The Postal Service does not receive tax dollars to sustain its operations, but relies on accurate postage payments for support. While the vast majority of the Postal Service’s customers pay the full cost of mailing, revenue loss, otherwise known as revenue leakage, can occur when individual or business customers don’t pay the appropriate postage for their mailings.
In a world where speed is everything, a new product is becoming popular that takes it s-l-o-w. It’s called Future Mail. In China, several companies are offering to deliver mail as slowly as you want, — even weeks, months, or years into the future. No time machine necessary!
Some customers are using Future Mail to send letters to their future selves, others use it to be sure their anniversary, birthday, or holiday greetings will arrive exactly on time. Future Mail customers simply fill out, address their cards, letters, or packages, and specify the date they want them delivered. These new companies will make it happen. One can even purchase gifts and flowers to be sent in the future.
The U.S. Postal Service is used to delivering large amounts of mail. Last year, it delivered more than 177 billion pieces. More mail pieces are sent per person in the United States than almost anywhere else in the world. But mail volume has been declining. How will the Postal Service change if volumes continue to fall? Is the Postal Service even financially sustainable at lower volume levels?
GMU researchers looked at how mail volumes of 150, 125, 100, and 75 billion would affect the Postal Service’s financial position and cost structure. Their results are encouraging. They found that the Postal Service is financially sustainable at volume levels down to 100 billion pieces per year, although price increases above inflation would be needed. The cost structure of the Postal Service would also change at lower volume levels. For example, delivery would account for a much larger share of total costs.
Although eliminating Saturday delivery has been heavily debated, reducing delivery to 5 days a week may not be enough. There has been some discussion of whether the viable model for the U.S. Postal Service of the future will incorporate 3-day delivery.
A 2010 study by the Boston Consulting Group for the Postal Service forecasts that the average pieces of mail per delivery point per delivery day will drop from 3.8 to 2.8 by 2020. If this projection holds true, then more households will likely receive no mail on any given day. With the increasing availability of alternative communication choices, it is unlikely that the demand for mail delivery will ever return to previous levels. Therefore, postal delivery may only be needed 3 days a week. Some homes could receive mail on Monday, Wednesday, and Friday, while others, on Tuesday, Thursday, and Saturday.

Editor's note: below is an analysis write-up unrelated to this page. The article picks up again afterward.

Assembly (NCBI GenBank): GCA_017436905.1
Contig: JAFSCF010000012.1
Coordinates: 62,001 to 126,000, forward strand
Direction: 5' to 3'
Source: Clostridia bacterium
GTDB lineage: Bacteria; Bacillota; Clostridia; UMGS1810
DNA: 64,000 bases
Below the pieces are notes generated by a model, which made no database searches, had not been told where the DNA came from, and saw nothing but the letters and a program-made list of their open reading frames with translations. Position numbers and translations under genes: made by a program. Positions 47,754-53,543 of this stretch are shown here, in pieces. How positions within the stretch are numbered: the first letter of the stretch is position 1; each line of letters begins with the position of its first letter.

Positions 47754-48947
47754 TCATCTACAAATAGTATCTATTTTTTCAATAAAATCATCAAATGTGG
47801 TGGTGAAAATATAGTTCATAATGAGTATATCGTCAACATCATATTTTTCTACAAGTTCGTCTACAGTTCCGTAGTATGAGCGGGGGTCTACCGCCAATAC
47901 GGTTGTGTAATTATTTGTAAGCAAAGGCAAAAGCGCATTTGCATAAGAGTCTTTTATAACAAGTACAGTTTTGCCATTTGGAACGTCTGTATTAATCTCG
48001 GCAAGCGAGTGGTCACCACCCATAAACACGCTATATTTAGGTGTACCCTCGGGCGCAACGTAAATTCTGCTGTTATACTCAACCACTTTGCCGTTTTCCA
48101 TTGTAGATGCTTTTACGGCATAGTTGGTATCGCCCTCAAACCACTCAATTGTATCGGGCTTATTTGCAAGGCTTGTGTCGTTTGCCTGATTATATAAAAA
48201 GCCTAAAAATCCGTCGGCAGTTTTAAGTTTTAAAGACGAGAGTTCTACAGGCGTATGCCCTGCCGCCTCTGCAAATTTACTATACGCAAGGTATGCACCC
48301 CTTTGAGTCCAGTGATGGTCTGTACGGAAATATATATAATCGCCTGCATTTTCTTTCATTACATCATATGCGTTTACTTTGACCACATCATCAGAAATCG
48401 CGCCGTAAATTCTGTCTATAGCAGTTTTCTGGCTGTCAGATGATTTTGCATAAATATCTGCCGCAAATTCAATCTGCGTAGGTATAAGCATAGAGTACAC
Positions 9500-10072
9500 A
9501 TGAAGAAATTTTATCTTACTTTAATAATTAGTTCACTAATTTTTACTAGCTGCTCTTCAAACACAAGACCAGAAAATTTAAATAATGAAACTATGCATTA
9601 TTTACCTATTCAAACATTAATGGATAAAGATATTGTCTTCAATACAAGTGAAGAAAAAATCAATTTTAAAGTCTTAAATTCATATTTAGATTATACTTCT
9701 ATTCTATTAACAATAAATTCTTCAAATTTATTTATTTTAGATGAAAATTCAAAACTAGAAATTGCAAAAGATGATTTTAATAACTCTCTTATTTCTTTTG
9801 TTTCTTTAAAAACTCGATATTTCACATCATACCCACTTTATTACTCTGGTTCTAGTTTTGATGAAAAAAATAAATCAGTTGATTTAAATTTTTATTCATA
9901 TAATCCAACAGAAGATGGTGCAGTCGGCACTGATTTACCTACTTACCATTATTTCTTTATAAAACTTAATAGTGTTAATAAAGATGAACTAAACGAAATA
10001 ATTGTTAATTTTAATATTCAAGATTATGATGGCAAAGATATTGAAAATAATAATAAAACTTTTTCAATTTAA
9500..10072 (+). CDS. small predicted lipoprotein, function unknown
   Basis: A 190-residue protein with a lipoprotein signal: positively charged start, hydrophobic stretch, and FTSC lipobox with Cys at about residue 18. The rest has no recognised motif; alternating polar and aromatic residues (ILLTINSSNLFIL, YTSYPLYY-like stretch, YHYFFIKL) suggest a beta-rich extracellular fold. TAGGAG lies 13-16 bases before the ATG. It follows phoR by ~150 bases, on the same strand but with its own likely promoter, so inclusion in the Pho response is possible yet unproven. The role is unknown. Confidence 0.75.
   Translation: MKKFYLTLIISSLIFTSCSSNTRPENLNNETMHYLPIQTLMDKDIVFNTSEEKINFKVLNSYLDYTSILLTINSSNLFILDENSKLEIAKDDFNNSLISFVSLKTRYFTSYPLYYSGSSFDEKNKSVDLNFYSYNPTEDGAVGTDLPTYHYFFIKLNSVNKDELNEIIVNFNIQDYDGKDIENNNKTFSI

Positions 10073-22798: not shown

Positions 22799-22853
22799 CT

Delivery would still occur 6 days a week for Post Office boxes. This additional benefit for P.O. Boxes would meet the needs of customers who have need of 6-day delivery, while generating higher revenue and increasing traffic for the Post Office.
The Postal Accountability and Enhancement Act of 2006 (PAEA) ushered in a new regulatory structure for the U.S. Postal Service. One key element was a price cap on market dominant products. (Most of the Postal Service’s products are market dominant.) This means that price increases for market dominant products are capped by the rate of inflation as measured by the Consumer Price Index (CPI). PAEA, however, does allow the Postal Service to increase its prices beyond the CPI cap under “extraordinary and exceptional circumstances.” The Postal Service makes the exception by filing an ‘exigent’ rate case to the Postal Regulatory Commission (PRC). Before the Postal Service can increase prices, the PRC must agree with the ‘exigent’ request and find it to be reasonable, equitable, and necessary.Read More